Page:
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Gingerbread Girl

Review by Joe Palmer

Paul Tobin and Colleen Coover
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Gingerbread Girl is a fun and quirky graphic novel about a woman named Annah Billips who smilingly informs us in a “breaking of the the fourth wall way” that she is a tease. Yes, she is because she’s wearing only panties and a t-shirt. Annah also confides to us that she can’t decide if she’s straight or lesbian because though she generally goes for men,  “[she’s] a puddle for a girl with an Afro.” While the “silly world” would define her as bisexual, she refuses the label  because of bad connotations people attach to it. Saucy Annah has also set up two dates for the same time: one with Jerry and another with Chili. Whoever shows up first will be who she goes out with. This kind of dynamic is in large part what drives the story. Got it? Good, because things get wackier and more interesting from here on.

While Annah is getting dressed, Chili fills us in more about her date. There’s another side to Annah besides her free spiritdness. It involves something called the Penfield Homunculus, which I thought was either fictitious or an esoteric concept. Turns out it’s real and was discovered by Wilder Penfield, who was a hottie in his day (in the second pic!!). This homunculus is part of our brains and is associated with our sense of touch. Chili informs us that Annah believes her father had somehow separated Annah’s from her brain and was able to create a sister named Ginger for Annah. Ginger was the one who had sensory feelings. After some time they were separated and Annah has been searching using some fairly odd methods for her sister ever since. How odd? Well, you’ll have to read the book if you want to know everything.The behaviors Annah created regarding her alleged sister is just one part of the charm of the story. Tobin’s dialog is snappy, and reflects the individualities of each character, not just his main two. There were a number of times that I found myself re-reading bits of dialog simply for enjoyment. The use of various narrators, including a talking pigeon (yes and why not?), a woman chasing Lothario, fake fortune teller Dr. Alphonse Spectra, Leanna the clerk with eyes like ripe apples, and an English bulldog likewise gifted with talking, provides an unusual and enjoyable method  to move the story along as Annah and Chili roam on their date. Tobin doesn’t forget about Jerry, Annah’s other date whom she stood up because Chili arrived first. He’s disapointed but still  determined, and finally gets through to Annah on her phone, much to Chili’s annoyance. But fromthis frustration we get a sense of her deep affection for Annah but also her very realistic attitude to live in the moment and appreciate every little thing in a relationship. To quote Chili while she’s feeding a small flock of pigeons: “Crumbs of a mystique are just right. A loaf of explanation is too much.”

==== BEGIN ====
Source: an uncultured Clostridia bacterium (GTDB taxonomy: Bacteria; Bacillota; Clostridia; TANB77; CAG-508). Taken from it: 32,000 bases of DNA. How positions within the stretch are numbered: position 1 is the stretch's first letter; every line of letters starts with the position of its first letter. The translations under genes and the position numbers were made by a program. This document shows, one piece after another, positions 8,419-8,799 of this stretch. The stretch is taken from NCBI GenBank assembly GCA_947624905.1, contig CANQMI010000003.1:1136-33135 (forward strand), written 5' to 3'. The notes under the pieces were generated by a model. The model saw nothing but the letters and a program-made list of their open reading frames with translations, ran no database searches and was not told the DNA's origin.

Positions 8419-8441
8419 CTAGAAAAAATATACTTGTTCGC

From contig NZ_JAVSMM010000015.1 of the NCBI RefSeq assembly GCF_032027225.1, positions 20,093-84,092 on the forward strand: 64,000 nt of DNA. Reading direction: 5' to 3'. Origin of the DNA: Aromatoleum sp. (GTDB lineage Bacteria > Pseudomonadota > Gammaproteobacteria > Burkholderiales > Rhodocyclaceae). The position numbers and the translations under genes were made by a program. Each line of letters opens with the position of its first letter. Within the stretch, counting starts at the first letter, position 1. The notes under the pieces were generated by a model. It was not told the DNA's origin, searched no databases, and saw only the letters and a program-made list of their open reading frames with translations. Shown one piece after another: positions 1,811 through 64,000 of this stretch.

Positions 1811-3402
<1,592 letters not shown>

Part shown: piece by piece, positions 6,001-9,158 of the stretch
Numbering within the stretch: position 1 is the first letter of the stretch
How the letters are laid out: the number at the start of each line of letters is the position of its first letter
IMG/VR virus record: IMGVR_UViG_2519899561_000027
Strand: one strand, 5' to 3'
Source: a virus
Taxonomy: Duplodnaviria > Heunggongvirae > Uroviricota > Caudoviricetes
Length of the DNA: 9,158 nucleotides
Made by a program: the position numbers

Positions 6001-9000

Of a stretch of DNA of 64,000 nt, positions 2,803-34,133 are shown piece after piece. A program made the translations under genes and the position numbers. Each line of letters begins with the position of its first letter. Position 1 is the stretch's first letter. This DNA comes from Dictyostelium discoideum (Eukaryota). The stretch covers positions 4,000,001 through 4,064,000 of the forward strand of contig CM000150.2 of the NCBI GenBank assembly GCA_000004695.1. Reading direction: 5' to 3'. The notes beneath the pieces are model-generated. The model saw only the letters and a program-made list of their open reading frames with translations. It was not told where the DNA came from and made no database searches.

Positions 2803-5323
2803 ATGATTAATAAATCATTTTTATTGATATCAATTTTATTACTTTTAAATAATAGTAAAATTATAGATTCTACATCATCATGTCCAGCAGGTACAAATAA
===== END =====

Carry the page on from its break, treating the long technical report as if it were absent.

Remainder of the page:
Coover’s art is a joy as it always been since she first came to my attention years ago when either the Advocate or Out featured her Small Favors. The women she draws could all be the girl next door. They have personalities and she makes them look fun and sexy without a bit of pandering. Her skillful layouts and composition create a believable space for a pair of women affected by a rather fantastic story in which to live, play and love and warm sepia washes complete the package. The setting is Portland where Coover and Tobin live and there is a real sense of the city coming through for added visual interest.

Based on Gingerbread Girl’s solicitation copy I wasn’t certain what to expect from a storytelling aspect. I wasn’t quite  so prepared to like it, no, make that love, Gingerbread Girl as much as I do, but I knew with Annah’s happy declaration of being a tease that I’d fallen for the quirky charm of Tobin and Coover’s story.

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